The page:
30 Dec Polygon Dodges a Bullet: Patches a Bug That Put $24 Billion Worth of MATIC at Risk
Bugs and vulnerabilities are part of a blockchain network. Polygon revealed how it dodged a bullet after detecting a vulnerability, introduced a fix, upgraded the network, paid off a bounty to the whitehat hackers, all with a silent patch.
Polygon’s Silent Patch
According to the latest blog post by the team, it all started when two whitehat hackers informed the bug bounty platform, Immunefi of an issue in the Polygon PoS genesis contract on December 3rd. The vulnerability in question could have enabled malicious entities to siphon off over 9.2 billion MATIC tokens (worth approximately $24 billion) out of MATIC’s total supply of 10 billion.
Following this, Polygon’s core team joined forces with the whitehat hackers, as well as Immunefi, to introduce a fix by upgrading 80% of the network within 24 hours without halting.
Even as the bug was fixed at block 22,156,660 on December 5th, without impacting the network in any way, an attacker was able to steal 801,601 MATIC right before the upgrade was carried out. The foundation stated that it will bear the cost of the theft.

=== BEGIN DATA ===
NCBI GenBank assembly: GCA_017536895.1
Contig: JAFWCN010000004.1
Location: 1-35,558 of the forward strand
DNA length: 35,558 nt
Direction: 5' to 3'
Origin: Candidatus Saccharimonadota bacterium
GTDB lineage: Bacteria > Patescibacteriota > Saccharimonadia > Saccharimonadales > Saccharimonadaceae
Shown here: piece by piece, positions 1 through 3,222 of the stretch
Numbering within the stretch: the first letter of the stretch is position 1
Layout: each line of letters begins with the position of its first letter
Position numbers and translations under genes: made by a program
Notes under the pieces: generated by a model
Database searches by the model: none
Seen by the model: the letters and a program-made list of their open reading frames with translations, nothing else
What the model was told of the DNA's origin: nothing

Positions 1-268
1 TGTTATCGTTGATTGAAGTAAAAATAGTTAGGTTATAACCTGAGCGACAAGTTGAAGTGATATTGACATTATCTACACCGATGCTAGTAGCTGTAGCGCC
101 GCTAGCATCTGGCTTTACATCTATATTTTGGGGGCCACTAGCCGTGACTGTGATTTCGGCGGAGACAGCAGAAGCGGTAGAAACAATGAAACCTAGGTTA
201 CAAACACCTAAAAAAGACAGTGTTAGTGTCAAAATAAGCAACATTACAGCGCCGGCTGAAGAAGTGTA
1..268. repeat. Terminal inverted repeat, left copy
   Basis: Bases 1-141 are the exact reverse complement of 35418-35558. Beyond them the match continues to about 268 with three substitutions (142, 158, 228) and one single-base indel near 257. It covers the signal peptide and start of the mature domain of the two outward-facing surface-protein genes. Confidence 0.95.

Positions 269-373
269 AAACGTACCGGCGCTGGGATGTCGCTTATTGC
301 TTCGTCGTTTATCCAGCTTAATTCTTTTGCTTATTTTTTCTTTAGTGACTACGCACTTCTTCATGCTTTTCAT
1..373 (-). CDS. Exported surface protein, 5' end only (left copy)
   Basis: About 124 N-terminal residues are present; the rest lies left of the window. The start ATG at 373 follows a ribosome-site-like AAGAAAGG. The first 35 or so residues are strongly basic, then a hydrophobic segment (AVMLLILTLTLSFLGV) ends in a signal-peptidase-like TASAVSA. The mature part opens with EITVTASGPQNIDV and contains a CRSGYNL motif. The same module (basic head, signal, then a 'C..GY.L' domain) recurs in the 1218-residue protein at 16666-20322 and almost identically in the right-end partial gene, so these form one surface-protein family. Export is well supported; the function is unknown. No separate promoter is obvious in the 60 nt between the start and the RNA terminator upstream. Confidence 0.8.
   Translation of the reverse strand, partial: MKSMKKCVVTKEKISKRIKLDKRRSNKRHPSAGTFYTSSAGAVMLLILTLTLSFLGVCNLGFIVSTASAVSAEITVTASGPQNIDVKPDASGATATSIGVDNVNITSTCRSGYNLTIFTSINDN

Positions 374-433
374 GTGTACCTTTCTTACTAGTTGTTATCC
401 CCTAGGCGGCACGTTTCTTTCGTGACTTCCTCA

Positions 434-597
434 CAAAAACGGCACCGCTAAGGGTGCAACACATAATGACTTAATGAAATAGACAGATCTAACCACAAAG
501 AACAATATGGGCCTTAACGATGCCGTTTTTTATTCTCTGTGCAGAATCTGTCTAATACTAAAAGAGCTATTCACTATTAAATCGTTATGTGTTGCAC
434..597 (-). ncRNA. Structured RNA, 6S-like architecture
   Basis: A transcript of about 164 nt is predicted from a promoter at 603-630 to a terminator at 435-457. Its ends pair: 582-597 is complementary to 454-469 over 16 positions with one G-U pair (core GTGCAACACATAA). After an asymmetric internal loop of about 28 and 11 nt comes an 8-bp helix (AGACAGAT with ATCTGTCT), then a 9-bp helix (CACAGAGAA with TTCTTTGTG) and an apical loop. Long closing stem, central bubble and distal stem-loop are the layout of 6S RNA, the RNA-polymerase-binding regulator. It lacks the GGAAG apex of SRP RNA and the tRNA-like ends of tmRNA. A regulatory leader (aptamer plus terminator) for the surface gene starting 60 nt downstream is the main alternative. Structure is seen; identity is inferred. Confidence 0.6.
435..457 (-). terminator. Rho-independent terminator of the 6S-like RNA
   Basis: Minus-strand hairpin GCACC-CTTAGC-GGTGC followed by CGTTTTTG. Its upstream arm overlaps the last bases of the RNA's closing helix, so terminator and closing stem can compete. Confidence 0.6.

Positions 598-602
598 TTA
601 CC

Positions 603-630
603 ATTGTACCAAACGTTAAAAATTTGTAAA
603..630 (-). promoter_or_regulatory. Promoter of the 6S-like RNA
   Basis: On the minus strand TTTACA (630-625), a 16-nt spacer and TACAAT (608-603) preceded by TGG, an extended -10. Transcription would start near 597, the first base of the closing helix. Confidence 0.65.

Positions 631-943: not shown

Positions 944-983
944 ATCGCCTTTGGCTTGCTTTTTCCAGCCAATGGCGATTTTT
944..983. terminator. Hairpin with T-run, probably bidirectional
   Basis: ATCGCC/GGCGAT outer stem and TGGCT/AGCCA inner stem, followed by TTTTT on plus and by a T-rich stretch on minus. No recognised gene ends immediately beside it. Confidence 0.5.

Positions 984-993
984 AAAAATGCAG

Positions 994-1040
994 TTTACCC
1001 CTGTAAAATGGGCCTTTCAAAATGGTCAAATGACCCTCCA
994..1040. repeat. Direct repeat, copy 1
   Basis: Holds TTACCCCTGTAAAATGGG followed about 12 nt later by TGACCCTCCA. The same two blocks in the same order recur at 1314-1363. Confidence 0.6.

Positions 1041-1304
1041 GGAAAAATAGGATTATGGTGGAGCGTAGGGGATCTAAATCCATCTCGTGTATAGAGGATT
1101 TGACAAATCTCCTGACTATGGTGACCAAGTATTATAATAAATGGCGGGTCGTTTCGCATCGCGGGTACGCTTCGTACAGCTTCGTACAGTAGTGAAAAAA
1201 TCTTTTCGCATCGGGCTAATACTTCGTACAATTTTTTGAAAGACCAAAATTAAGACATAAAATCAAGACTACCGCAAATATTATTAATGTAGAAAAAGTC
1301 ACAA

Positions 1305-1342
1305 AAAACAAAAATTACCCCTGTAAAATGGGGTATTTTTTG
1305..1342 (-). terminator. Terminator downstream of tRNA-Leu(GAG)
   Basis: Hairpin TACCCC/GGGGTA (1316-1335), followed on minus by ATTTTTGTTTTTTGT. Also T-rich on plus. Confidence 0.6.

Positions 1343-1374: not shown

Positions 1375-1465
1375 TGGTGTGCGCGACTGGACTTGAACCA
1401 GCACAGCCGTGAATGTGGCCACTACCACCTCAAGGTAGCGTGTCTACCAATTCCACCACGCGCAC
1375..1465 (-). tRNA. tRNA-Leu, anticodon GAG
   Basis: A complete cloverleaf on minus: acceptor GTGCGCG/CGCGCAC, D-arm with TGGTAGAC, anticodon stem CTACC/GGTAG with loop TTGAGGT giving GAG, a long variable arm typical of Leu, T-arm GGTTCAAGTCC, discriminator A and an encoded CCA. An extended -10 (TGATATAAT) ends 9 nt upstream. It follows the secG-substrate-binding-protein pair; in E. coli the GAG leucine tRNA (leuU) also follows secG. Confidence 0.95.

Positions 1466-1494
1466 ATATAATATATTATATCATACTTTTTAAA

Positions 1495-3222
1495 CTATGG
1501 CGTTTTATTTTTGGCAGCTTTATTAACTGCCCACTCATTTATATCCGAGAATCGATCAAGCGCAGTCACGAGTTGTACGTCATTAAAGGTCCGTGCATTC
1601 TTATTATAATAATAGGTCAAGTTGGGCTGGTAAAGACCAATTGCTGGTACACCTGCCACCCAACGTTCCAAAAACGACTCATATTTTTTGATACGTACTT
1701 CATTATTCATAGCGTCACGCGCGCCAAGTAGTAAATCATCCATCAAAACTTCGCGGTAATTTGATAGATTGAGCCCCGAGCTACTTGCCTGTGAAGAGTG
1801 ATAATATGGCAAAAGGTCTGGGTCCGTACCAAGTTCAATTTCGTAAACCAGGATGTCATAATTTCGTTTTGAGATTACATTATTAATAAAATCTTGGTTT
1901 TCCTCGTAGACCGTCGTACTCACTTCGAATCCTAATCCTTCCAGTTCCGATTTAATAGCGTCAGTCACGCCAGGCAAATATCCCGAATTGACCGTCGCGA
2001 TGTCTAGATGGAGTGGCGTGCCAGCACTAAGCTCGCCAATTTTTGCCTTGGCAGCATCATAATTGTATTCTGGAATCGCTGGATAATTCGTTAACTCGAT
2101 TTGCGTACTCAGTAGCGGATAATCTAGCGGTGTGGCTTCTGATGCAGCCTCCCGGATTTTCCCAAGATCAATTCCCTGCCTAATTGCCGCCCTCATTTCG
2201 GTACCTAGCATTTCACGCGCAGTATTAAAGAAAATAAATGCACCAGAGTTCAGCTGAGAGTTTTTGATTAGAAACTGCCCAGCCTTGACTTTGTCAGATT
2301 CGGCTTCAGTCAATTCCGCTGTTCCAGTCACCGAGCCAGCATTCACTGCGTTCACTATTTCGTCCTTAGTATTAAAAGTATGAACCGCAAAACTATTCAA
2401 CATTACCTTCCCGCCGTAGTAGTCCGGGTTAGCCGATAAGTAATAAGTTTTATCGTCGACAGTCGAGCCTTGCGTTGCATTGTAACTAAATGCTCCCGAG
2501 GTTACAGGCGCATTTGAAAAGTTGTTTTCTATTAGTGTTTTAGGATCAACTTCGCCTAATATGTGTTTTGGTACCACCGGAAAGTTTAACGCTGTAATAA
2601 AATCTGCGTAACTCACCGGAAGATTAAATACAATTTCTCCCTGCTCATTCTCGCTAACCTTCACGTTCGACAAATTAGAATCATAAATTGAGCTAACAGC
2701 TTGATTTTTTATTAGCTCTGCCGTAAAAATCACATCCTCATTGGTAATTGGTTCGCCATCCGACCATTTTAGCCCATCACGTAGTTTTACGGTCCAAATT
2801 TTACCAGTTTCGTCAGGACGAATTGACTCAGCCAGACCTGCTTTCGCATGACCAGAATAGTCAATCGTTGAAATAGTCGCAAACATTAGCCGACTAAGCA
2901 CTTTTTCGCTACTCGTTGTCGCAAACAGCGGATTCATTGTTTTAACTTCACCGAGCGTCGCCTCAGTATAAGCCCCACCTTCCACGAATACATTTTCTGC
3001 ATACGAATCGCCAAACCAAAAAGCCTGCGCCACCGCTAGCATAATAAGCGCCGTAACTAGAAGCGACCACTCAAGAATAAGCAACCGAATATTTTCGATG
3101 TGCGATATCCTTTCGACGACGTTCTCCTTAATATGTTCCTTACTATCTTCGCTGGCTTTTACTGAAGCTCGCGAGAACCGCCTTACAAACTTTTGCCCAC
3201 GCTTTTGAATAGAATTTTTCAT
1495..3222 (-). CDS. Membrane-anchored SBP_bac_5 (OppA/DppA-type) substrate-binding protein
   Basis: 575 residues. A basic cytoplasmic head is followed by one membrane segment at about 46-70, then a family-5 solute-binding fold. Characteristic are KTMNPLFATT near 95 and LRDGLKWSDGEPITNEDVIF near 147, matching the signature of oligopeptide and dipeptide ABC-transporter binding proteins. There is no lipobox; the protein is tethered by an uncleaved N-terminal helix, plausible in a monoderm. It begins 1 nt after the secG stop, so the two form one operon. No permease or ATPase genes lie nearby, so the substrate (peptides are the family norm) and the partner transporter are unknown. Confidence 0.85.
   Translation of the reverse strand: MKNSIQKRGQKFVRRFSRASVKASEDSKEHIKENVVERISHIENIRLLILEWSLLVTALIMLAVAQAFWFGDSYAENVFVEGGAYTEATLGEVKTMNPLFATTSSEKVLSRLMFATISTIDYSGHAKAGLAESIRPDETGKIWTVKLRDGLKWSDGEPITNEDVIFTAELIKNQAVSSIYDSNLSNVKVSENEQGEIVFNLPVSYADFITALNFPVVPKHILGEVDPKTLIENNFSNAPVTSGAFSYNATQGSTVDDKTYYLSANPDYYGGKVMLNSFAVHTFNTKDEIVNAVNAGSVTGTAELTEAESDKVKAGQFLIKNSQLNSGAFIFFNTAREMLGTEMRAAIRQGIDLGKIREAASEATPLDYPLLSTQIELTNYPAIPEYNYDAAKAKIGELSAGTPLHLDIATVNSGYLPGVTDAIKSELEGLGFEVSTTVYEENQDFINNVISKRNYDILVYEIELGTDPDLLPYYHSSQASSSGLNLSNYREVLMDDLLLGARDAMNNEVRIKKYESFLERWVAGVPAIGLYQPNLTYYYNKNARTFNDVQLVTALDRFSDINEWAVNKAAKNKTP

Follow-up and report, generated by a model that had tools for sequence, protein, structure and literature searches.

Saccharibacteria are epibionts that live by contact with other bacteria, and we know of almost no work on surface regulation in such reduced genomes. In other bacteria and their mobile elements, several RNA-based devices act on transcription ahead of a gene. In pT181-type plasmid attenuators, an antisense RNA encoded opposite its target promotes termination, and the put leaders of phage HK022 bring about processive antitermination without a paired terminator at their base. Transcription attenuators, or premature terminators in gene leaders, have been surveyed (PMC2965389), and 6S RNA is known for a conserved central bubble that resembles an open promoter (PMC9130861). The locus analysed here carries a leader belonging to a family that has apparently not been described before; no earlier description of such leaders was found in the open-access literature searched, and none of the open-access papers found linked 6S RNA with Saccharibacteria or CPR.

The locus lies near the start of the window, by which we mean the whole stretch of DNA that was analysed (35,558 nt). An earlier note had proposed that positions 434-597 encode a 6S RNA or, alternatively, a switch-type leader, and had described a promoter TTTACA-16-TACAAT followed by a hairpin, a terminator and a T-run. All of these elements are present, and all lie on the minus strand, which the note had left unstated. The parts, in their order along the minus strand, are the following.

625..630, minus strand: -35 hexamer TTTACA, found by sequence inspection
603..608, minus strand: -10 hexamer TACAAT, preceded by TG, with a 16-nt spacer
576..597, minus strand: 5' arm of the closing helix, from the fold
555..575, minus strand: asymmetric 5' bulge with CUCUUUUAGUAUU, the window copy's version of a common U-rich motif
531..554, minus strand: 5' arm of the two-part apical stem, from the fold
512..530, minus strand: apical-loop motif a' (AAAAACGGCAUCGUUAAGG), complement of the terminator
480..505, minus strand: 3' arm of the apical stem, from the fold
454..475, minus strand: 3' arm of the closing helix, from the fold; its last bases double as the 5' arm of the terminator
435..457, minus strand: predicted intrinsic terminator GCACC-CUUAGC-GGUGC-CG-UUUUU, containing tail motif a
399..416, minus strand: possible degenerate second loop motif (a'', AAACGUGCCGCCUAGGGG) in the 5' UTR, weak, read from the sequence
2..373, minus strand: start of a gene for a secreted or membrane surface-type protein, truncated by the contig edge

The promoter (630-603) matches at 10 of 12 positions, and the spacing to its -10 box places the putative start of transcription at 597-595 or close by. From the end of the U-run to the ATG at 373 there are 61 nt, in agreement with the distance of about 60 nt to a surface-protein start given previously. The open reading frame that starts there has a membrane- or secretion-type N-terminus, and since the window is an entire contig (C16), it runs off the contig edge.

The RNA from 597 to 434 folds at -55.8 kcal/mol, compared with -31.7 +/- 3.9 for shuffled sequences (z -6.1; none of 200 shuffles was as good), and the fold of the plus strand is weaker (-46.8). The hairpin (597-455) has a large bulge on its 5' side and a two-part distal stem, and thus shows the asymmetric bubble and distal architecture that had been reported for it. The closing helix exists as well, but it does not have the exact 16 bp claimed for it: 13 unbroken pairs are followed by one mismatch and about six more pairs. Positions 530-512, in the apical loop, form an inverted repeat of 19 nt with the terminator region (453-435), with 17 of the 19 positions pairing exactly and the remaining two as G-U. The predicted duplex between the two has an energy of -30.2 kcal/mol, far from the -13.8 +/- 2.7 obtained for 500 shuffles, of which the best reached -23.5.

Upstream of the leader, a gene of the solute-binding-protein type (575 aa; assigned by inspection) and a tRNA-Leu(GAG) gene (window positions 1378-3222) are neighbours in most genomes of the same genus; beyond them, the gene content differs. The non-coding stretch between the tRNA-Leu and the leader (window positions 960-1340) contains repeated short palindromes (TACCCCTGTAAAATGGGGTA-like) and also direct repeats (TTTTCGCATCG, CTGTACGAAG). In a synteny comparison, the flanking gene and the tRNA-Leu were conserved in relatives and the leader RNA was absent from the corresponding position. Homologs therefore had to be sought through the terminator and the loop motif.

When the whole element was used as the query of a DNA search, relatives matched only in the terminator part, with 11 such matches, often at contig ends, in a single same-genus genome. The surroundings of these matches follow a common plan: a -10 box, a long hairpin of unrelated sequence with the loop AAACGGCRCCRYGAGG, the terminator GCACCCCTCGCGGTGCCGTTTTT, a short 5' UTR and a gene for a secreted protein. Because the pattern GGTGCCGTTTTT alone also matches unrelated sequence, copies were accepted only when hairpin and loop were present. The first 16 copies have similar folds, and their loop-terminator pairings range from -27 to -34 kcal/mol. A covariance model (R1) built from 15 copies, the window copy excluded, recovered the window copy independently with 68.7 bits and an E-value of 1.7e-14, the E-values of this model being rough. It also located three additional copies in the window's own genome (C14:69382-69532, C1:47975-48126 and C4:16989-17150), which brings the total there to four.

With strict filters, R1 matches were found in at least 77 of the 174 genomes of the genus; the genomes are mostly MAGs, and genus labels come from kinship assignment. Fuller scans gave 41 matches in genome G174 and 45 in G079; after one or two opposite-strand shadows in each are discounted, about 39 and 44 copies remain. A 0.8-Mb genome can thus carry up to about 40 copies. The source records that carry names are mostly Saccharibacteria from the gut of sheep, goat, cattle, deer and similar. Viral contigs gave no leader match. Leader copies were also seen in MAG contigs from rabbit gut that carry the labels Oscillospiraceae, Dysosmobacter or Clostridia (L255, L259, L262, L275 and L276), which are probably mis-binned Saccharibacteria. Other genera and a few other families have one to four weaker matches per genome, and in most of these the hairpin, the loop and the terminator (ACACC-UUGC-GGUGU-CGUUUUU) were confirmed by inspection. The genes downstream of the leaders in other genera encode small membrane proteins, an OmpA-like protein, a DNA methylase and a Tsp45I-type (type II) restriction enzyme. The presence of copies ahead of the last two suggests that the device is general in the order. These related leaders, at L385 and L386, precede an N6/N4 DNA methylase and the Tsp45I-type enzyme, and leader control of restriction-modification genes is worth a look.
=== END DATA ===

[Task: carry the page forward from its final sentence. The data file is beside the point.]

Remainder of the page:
Besides, Polygon paid a generous sum of about $3.46 million as bounty to the two white hats.
The foundation also revealed that the bug was fixed without notifying the community as it follows a “silent patches” policy. Interestingly, this policy was established by the Go Ethereum team, known as Geth, last year.
While speaking about how Polygon managed to avert high-scale damage, Immunefi’s CTO Duncan Townsend said,
“The Polygon team’s response to this disclosure was swift and effective. That this incident had a happy ending is a testament to their expertise. Tight coordination with the Polygon validators helped avert what could’ve been a major disaster.”
A Worrying Trend
The year witnessed big changes for the blockchain and the cryptocurrency industry. It has managed to attract a fair share of attackers along the way that has caused significant financial damage. The age-old risks still hold true – where there’s money, the malicious entities will try to steal it.
According to the recent stats, attackers managed to get away with over $4 billion worth of cryptocurrencies this year, nearly 3x compared to 2020. DeFi protocols alone accounted for $1.4 billion of the total crypto funds lost.
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